Extraordinary Stories of Ordinary Life

Majd’s Diary: Press & Listener Comments

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Selected Press Clips


Fast Company

“[Majd] was eager to give an authentic glimpse into the world of women in a Muslim country. She was honest about her frustrations, but was also keen to dispel negative stereotypes.”

“The program allows audiences to immerse themselves in another person’s life and relate to them in an intimate way, so that they become real and three-dimensional.”

The Guardian

“A fascinating portrait of what it’s like to be a millennial growing up in a corner of the world where young women are chided by their own brothers for not covering up enough.”

“Majd Abdulghani has captivated podcast-lovers this week with her earnest account of two years of her life in Saudi Arabia (masterfully condensed into half an hour). Abdulghani was selected from more than 1,000 applicants to an NPR contest, and if you listen you’ll instantly see why. In this radio diary, she speaks of her dreams of becoming a scientist, and her parents’ hopes of arranging her marriage. She ends up going for both and embracing her decisions, and her journey is a pleasure to hear – with karate (‘we’re this secret club, like Fight Club’), interviews with her family, and language anecdotes (“In Arabic, we call corn flakes ‘Corna Flix’”). Here’s Majd:

So here’s what happened. I met the guy who proposed to me. I don’t want to say his name. I’ll just refer to him as ‘the guy.’ (I really like the fact that the English language has the word ‘guy.’ You don’t have to say ‘boy’ and you don’t have to say ‘man.’ You can say ‘guy.’)

Come for Majd’s honesty, stay for her charisma. We can’t wait for more from her.”

Arab News

“An American radio station hosted 19-year-old Saudi Majd Abdulghani, where she narrated several excerpts from episodes of her daily life in the Kingdom, attempting to present an image of the real Saudi girl, which is usually misrepresented in the Western media.”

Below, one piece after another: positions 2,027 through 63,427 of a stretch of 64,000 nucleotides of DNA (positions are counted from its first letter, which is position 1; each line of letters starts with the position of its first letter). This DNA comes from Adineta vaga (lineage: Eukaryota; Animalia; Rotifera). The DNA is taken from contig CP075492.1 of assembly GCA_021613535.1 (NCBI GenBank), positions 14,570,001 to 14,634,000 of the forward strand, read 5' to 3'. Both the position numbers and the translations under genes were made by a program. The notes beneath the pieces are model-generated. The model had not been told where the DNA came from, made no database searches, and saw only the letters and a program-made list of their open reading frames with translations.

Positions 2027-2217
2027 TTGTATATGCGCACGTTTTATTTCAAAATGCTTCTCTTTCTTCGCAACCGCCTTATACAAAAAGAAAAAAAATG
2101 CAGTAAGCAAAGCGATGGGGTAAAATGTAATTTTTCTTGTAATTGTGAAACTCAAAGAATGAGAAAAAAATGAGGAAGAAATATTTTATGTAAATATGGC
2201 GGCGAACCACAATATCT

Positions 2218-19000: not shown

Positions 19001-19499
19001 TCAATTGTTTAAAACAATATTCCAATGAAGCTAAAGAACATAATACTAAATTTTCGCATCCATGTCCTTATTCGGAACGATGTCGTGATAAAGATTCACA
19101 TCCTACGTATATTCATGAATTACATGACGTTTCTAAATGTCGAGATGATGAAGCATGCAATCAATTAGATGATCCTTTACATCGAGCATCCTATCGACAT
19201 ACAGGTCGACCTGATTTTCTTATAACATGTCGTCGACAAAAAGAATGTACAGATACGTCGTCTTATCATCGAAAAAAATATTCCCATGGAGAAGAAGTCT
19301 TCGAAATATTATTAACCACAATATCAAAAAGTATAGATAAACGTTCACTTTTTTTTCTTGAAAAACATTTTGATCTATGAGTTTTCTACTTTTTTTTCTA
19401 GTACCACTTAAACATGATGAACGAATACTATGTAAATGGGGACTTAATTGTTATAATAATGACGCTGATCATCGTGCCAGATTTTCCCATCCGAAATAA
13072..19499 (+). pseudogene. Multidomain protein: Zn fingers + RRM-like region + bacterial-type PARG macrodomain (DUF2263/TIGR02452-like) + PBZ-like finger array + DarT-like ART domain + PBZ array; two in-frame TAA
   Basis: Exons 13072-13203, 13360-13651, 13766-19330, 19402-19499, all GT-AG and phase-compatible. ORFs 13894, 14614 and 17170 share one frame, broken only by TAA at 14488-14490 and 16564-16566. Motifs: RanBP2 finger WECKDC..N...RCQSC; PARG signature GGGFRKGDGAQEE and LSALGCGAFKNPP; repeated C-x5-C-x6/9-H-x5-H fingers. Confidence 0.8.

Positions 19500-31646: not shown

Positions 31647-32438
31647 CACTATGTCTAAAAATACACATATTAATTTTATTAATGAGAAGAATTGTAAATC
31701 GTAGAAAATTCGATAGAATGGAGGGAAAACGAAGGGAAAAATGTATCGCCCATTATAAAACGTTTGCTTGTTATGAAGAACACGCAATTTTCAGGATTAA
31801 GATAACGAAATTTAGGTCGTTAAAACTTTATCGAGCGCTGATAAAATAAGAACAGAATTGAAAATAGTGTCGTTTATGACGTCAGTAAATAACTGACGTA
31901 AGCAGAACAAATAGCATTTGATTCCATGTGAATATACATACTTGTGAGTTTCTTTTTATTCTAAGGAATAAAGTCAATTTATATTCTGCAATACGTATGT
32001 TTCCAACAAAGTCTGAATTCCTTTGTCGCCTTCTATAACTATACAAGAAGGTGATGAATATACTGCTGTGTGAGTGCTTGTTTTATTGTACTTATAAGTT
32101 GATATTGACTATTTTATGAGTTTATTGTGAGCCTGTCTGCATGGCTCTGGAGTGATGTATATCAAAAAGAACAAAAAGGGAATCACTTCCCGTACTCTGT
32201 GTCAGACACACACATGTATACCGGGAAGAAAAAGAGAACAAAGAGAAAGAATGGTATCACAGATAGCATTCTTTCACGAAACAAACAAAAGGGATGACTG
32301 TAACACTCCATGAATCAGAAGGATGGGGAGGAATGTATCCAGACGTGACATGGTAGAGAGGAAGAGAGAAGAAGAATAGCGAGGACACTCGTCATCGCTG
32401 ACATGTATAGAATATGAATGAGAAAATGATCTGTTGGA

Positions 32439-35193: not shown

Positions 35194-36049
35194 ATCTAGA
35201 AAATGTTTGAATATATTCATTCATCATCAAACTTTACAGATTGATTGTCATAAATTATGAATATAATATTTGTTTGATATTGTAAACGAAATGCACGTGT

Women in the World in association with the New York Times

“Radio Diaries has been operating for 20 years, helping to pioneer a style of first-person documentary that has strongly influenced many of the story-driven podcasts that are currently in vogue.”

AV Club

“There is so much power to be found in audio which often goes unheralded in today’s visual world, but the ascendency of podcasting is slowly shifting the balance. Take Radio Diaries, for example: The now 20-year-old program seeks to understand life in all its prismatic brilliance through understated, self-recorded narrative documentaries, giving a platform to so many disenfranchised. With this week’s episode the show releases one of its most interesting episodes, a piece that represents the culmination of two years of audio journals from Majd, a young woman in Saudi Arabia navigating the uncertainty of whether to follow her career aspirations or accept an arrangement for marriage. Majd’s story is rather unique for a number of reasons, not simply for her giving voice to a marginalized population but also for her diversity of interests. Majd comes across as a vibrant spirit, driven by her passion of genetics, interested in practicing karate, as well as displaying a keen sense of humor. In short order listeners will doubtless become invested in Majd’s life and the tricky calculus she faces in the form of a marriage proposal. Over the course of the episode one can’t help reflecting on the nature of love, autonomy, and Western cultural conditioning, further underlining the importance of Radio Diaries’ mission.”